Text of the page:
British Airways Vacations offers a range of flight+hotel and flight+car packages, as well as sightseeing tours, city passes, theatre tickets, around the world to suit all budgets. With a deposit of $10 per person customers can lock in a price for 72 hours, giving them time to confirm details with their friends and family and making it even easier to book with confidence.
Nonstop air service between Carlsbad and Las Vegas has abruptly ended, a little more than a month after BizAir Shuttle debuted the new flights.
McClellan-Palomar Airport Manager Olivier Brackett confirmed Thursday that it had been advised a day earlier by the airline that it was ceasing all operations. The cancellation of flights to Vegas follows an earlier decision in August by BizAir to end its short-lived, twice-daily flights to Los Angeles International Airport.
BizAir had been offering nonstop service between Carlsbad and Las Vegas three times a week on Thursdays, Fridays and Sundays, and had flown its last flight on Sunday.
“Demand for the Los Angeles flights was very poor,” Brackett said. “The demand for Las Vegas was better, but I guess it just wasn’t enough to sustain it. It’s very unfortunate for the public because we get a lot of phone calls asking for service to Vegas.”
Officials with BizAir, a public charter operator, did not respond to requests Thursday for comment. Its website continues to advertise nonstop flights to Las Vegas, with fares starting at $99 one way, but they are unavailable. At the time BizAir made its June announcement of the new air service, Ricardo Gomez, director of operations and development, said the airline was “excited to bring the people of Carlsbad our tradition of convenience and uncompromising service with no extra fees.”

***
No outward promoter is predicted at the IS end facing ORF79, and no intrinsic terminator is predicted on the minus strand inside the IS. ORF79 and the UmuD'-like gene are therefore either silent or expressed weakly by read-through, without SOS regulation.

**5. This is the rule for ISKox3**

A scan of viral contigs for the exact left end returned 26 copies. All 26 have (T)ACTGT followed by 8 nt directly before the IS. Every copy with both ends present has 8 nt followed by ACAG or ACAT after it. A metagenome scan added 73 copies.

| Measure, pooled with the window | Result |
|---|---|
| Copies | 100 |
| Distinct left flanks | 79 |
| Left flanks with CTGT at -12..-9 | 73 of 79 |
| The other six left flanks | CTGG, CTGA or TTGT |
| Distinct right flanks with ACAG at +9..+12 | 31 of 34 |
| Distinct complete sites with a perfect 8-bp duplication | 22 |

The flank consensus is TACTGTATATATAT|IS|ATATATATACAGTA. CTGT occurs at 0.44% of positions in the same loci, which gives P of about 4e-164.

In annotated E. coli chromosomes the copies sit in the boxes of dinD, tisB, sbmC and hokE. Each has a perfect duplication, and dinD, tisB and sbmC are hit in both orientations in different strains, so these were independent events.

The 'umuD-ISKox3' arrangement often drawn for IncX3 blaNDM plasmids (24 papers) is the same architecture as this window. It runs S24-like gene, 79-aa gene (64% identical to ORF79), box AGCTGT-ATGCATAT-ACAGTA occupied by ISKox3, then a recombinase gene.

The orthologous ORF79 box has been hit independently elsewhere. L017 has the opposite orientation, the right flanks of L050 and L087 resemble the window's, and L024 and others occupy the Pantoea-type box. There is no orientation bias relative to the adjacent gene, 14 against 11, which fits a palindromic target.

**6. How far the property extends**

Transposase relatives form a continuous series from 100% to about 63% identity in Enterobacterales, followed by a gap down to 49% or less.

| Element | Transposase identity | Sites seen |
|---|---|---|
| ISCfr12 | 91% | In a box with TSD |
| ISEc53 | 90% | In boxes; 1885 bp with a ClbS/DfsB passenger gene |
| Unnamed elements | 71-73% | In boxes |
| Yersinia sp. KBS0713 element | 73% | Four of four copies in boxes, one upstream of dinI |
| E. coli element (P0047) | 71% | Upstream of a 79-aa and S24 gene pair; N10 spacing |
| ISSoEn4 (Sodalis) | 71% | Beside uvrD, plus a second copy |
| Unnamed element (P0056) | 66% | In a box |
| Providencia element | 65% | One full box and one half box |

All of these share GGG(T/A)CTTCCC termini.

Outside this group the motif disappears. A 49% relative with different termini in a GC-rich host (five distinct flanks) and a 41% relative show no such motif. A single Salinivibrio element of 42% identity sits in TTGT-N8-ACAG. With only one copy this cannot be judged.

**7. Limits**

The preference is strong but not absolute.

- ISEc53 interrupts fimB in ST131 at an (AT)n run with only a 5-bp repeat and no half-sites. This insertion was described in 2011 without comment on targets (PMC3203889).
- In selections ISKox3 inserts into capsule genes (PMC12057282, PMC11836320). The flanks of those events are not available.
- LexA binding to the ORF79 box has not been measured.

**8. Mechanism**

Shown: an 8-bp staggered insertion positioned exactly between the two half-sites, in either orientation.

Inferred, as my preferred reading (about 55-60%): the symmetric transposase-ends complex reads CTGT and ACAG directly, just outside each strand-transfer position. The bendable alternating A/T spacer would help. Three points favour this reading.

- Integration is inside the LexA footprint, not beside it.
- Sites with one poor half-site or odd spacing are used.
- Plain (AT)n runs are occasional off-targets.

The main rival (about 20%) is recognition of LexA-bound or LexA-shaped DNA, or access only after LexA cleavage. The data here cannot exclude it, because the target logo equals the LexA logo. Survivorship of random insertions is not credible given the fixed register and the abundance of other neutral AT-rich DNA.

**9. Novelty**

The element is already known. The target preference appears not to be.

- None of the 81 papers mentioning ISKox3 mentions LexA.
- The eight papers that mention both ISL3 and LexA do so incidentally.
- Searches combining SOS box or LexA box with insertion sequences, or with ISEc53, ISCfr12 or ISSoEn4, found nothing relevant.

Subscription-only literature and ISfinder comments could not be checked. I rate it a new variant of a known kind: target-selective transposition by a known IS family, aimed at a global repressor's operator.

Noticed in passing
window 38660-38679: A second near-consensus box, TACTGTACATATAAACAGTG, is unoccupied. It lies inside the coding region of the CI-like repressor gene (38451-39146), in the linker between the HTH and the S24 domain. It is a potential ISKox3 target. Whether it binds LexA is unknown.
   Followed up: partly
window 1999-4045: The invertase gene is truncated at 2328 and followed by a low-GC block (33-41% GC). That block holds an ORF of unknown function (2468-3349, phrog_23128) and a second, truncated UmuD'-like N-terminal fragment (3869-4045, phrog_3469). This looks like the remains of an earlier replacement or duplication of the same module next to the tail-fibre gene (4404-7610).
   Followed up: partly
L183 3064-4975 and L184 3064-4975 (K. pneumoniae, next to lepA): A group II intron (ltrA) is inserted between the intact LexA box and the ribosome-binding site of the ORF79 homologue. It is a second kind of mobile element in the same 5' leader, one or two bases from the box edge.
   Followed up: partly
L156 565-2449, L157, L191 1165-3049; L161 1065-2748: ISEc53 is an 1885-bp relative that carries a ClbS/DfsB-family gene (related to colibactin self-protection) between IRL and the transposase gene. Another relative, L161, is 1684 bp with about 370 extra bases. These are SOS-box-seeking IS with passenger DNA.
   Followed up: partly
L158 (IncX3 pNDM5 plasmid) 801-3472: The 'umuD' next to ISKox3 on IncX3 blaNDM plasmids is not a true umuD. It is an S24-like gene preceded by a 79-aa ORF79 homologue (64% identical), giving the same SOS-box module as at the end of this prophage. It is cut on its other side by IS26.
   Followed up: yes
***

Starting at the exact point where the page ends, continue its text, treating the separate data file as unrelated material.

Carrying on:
Chris Jones, a spokesman for McCarran International Airport in Las Vegas, said that BizAir had informed its airport ground handler only that it was canceling flights scheduled for Thursday, Friday and Sunday.
“Originally they had told us they were going to begin service July 6 and initially it would be daily service, but by the 30th, it had gone to three times a week,” Jones said.
Carlsbad resident Erik Staley had booked a flight to Vegas for a late October leisure trip but received an email Thursday from BizAir that it was refunding his booking because it was canceling the flights.
“We have the need for that (air service) because there are those of us in Carlsbad who don’t like the sometimes difficult drive to San Diego where the parking has become more expensive,” said Staley, who had paid $169 each way for the flights. “I’m willing to pay a little more to fly out of Palomar which is 5, 10 minutes away from where I live.”
BizAir’s initial service to Los Angeles had been intended to replace flights formerly operated by SkyWest, which had been offering the commuter service since 1998. They were eliminated as the airline moved to a new fleet of jets that could not land on the airport’s short runway.
The San Diego Union-Tribune